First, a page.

By Agence France-Presse
Turkey will next week lift the state of emergency introduced after a failed 2016 coup and which granted President Recep Tayyip Erdogan’s government greater powers to detain suspects, his spokesman said on Friday.
The announcement comes after Erdogan chaired the first cabinet meeting since he won elections last month endowing him with sweeping new powers, and pressing economic challenges topping the agenda.
“The current state of emergency is coming to an end on the night of July 18. Mr President has the will… not to extend it,” presidential spokesman Ibrahim Kalin told reporters after the meeting in Ankara.
Under emergency rule, renewed seven times since the abortive coup against Erdogan’s elected government, over 110,000 public sector employees have been removed from their jobs while tens of thousands more have been suspended in a crackdown criticised by Ankara’s Western allies.
Amnesty International in April said freedom of expression and the right to a fair trial had been “decimated” under the state of emergency introduced five days after the attempted putsch on July 15, 2016.
More than 1,300 associations and foundations have been shut down under the measures.
However the government says the purges are needed to rid the state of the “virus” of Muslim preacher Fethullah Gulen blamed by the authorities for masterminding the coup bid.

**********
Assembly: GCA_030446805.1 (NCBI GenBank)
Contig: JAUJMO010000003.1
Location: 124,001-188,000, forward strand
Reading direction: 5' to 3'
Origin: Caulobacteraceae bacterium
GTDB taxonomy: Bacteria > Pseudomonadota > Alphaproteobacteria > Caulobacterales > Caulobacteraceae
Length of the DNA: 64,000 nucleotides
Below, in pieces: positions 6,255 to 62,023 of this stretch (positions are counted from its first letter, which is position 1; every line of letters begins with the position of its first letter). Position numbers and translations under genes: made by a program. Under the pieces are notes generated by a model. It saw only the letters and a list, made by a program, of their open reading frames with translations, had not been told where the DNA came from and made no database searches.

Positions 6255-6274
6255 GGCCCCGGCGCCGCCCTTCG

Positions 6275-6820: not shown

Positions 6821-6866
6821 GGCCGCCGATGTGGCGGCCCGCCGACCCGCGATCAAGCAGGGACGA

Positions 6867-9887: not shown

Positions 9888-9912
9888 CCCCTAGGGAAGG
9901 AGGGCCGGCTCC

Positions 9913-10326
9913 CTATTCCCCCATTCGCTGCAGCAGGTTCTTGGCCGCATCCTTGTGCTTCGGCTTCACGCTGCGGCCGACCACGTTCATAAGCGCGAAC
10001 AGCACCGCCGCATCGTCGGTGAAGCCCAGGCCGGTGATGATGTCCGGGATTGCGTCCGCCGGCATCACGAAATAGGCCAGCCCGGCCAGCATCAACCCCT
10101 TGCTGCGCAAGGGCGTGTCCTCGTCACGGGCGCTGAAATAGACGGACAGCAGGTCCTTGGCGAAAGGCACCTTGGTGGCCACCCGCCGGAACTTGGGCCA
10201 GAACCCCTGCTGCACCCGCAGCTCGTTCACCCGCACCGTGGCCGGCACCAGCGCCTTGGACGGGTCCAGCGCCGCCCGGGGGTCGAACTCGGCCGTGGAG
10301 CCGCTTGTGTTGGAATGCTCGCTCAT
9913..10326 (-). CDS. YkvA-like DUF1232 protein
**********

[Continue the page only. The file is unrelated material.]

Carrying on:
Gulen, who is based in the US, has denied any role and insists his movement promotes peace.
– Economy tops cabinet talks –
Kalin added that the lifting of emergency rule would not slow down Turkey’s fight against terror, and that the fight would continue “in a determined fashion” under counter-terrorism laws.
But he said that if Turkey faces another “extraordinary threat, the state of emergency might be reintroduced”.
In his election campaign, Erdogan promised not to prolong the emergency rule.
The strongman was sworn in for a second presidential term on Monday under the new system that grants the head of state executive powers while abolishing the post of prime minister.
Erdogan vowed to “work tirelessly to build a Turkey that can look to the future with confidence”, at a ceremony in the former parliament shortly before the cabinet meeting at his vast presidential palace.
He hailed the transition as a “new beginning” in the country’s history but opponents denounced it as a drift toward one-man rule.
Erdogan this week unveiled the new cabinet, giving his son-in-law Berat Albayrak, 40, the crucial post of finance minister.
Albayrak’s rapid promotion from the energy ministry took traders by surprise as market-friendly faces like outgoing deputy premier Mehmet Simsek were not present in the new cabinet.
In an apparent sign that the economy is an urgent issue for the government, Albayrak said: “We have determined some steps to be taken in line with macro-economic objectives,” in a message on Twitter.
Albayrak said his economic policy would be guided by “budget discipline, a single digit inflation rate and structural reforms.”
Financial markets are skeptical about Albayrak’s appointment which prompted a new battering for the Turkish currency and assets.
Kalin said a medium-term economic programme would be presented to Erdogan in the coming weeks.